Celebrating Boston marathon finish 2022

Who are Ken and Susan?

Ken Parker has been active participant in the development of marathon as a mainstream sport and in particular with the development of competitive women’s running which he champions to this day. He was inducted into the Ottawa Sports Hall of Fame in 2005 and coached the OAC women’s running team in Ottawa well into his 80s. This post is the second in what I hope will be a series of posts, as I hope to continue interviewing Ken to learn more about his experience in the marathon space and in particular his involvement with the evolution of competitive women’s running!

Susan aka hockeygeekgirl, got into marathon running in her 40s and was lucky enough to find a great group of running friends who make the long runs more bearable and join her on many a fun run adventure including 6 Boston marathons. If you enjoyed this post you may want to check out her other running posts, everything from race reports, to practical tips on how to make the most out of your Boston marathon weekend, to running disaster stories from runners just like you!

Boston history – The challenges of qualifying for the 1973 Boston Marathon

Ever wondered what it was like to try and qualify for Boston before you could Google “Boston training plans?” Ken Parker discovered marathon running in the early 1970s, this post takes you through his journey to earn a Boston Qualifier and will be followed by a post about his experience running the 1973 Boston marathon.

I didn’t start out as a distance runner. I was a sprinter, and my best event was the 100 yards. I had no coach, and I ran in a pair of thin leather shoes with spikes. Like many sprinters, I was occasionally drafted to take part in a relay, so I considered the 4X400 distance running. I was pretty good, but there was another kid from North Bay who always passed me around 70-80 yards, so I had no illusions of winning gold medals at the Olympics.

Boxcar C119

When I joined the Canadian Air Force, as a navigator in Squadron 436 in Ottawa (flying in the vintage gas guzzler, Boxcar C119,  for the aviation fanatics out there), there was a fitness test. My commander took this test seriously, if you failed you were grounded. Not a desirable situation for a navigator! Part of the test included a mile and a half run. I played flag football and basketball, I’d run track, I wasn’t concerned, and I did pass the test, but I was shocked these skinny guys were leaving me in their dust on the run, humbling for someone who thought of himself as a runner.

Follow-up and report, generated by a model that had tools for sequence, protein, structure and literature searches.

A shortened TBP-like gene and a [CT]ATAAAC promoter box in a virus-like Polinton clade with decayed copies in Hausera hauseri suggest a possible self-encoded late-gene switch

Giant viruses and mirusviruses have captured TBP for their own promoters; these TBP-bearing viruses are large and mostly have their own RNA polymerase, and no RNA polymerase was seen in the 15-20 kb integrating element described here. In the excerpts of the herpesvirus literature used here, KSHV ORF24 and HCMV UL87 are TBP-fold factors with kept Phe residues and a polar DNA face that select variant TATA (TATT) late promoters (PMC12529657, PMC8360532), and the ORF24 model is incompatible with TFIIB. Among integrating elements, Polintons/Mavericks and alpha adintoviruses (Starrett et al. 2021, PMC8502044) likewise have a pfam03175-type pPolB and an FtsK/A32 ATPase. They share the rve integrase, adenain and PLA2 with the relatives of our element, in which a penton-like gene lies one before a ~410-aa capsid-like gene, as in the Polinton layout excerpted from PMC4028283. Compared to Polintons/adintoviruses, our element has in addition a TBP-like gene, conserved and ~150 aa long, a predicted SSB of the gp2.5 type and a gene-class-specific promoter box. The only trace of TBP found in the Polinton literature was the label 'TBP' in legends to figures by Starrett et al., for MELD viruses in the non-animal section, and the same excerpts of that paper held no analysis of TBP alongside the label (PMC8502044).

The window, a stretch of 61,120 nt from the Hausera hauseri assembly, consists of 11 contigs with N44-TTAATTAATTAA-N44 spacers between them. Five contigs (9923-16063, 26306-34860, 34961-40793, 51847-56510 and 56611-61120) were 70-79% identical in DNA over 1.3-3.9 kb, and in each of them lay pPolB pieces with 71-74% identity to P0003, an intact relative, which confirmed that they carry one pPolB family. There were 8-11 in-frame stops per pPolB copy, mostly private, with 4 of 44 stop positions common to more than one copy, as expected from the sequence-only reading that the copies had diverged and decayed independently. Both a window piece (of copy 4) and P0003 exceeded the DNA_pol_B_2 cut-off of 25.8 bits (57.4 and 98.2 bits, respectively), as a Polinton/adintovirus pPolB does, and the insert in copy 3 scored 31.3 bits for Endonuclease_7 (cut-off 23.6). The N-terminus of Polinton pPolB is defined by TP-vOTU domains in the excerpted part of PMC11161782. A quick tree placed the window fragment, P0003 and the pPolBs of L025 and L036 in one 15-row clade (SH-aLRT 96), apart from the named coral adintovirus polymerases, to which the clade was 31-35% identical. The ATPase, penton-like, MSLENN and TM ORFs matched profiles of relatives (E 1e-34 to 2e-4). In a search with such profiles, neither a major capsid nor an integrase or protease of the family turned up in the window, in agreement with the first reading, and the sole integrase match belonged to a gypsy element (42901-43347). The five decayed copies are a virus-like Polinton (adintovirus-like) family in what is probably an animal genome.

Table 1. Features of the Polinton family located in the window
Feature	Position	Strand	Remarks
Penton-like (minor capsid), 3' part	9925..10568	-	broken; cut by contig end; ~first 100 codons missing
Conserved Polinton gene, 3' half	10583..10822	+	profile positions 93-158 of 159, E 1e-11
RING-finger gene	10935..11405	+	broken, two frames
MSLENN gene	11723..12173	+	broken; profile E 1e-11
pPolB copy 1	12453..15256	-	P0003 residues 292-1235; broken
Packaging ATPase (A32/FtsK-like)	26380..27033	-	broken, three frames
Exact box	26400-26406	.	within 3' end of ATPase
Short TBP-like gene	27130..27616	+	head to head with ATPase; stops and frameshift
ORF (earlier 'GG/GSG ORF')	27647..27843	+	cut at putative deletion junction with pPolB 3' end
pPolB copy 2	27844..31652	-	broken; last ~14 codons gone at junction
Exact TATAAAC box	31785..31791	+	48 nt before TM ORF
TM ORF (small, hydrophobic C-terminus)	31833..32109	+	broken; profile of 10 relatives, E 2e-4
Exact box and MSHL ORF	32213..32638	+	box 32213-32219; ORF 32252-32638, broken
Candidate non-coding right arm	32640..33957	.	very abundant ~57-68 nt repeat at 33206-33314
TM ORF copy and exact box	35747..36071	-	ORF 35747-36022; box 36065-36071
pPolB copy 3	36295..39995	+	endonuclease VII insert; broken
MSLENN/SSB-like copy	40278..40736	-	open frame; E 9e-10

Not long after, I was posted to Winnipeg and I heard a news story about the Boston marathon. 26 miles!  Wow! One day I want to do that! I started researching and finding out everything I could about the marathon and discovered Boston wasn’t just “a” marathon it was “the” marathon. For a competitive runner like myself the lure was irresistible. (side note from Susan: The first New York marathon was 127 runners running loops around Central park in 1970, the London marathon didn’t start until 1981, the Chicago marathon has been around since 1905, and is a great race, but does not have the prestige of Boston)

Run to the Top by Arthur Lydiard

Now keep in mind this was in the early 70s. I didn’t have the option of doing a Google search for marathon training plans. I had never seen a copy of Runners World (side note from Susan: apparently the first issue came out in 1966). So, I researched training for a marathon the way everyone researched in those days: I went to the library. I asked the librarian to show me the section on running books. Well they didn’t have a section, but they did have a book by Arthur Lydiard called Run to the Top.

Arthur Lydiard was a controversial New Zealand runner who created his own training plans using trial and error. He was somewhat controversial as a coach, but it’s hard to argue with his results. He coached New Zealand’s running team which dominated the middle distance at the time. His team included Peter Snell, New Zealand’s Sports Champion of the 20th century, who won gold in the 800m and 1500m at the 1964 summer Olympics.  Runner’s World has since hailed Lydiard as the ‘All Time Best Running Coach’. Lydiard believed in building an endurance base by putting in a lot of miles, and he believed in designing a training plan to reach peak performance on the day of your goal race.  His training plans combined strength work such as hill running and sprinting, anaerobic training, and every marathon runner’s favorite part of the training plan, a taper. Sound familiar?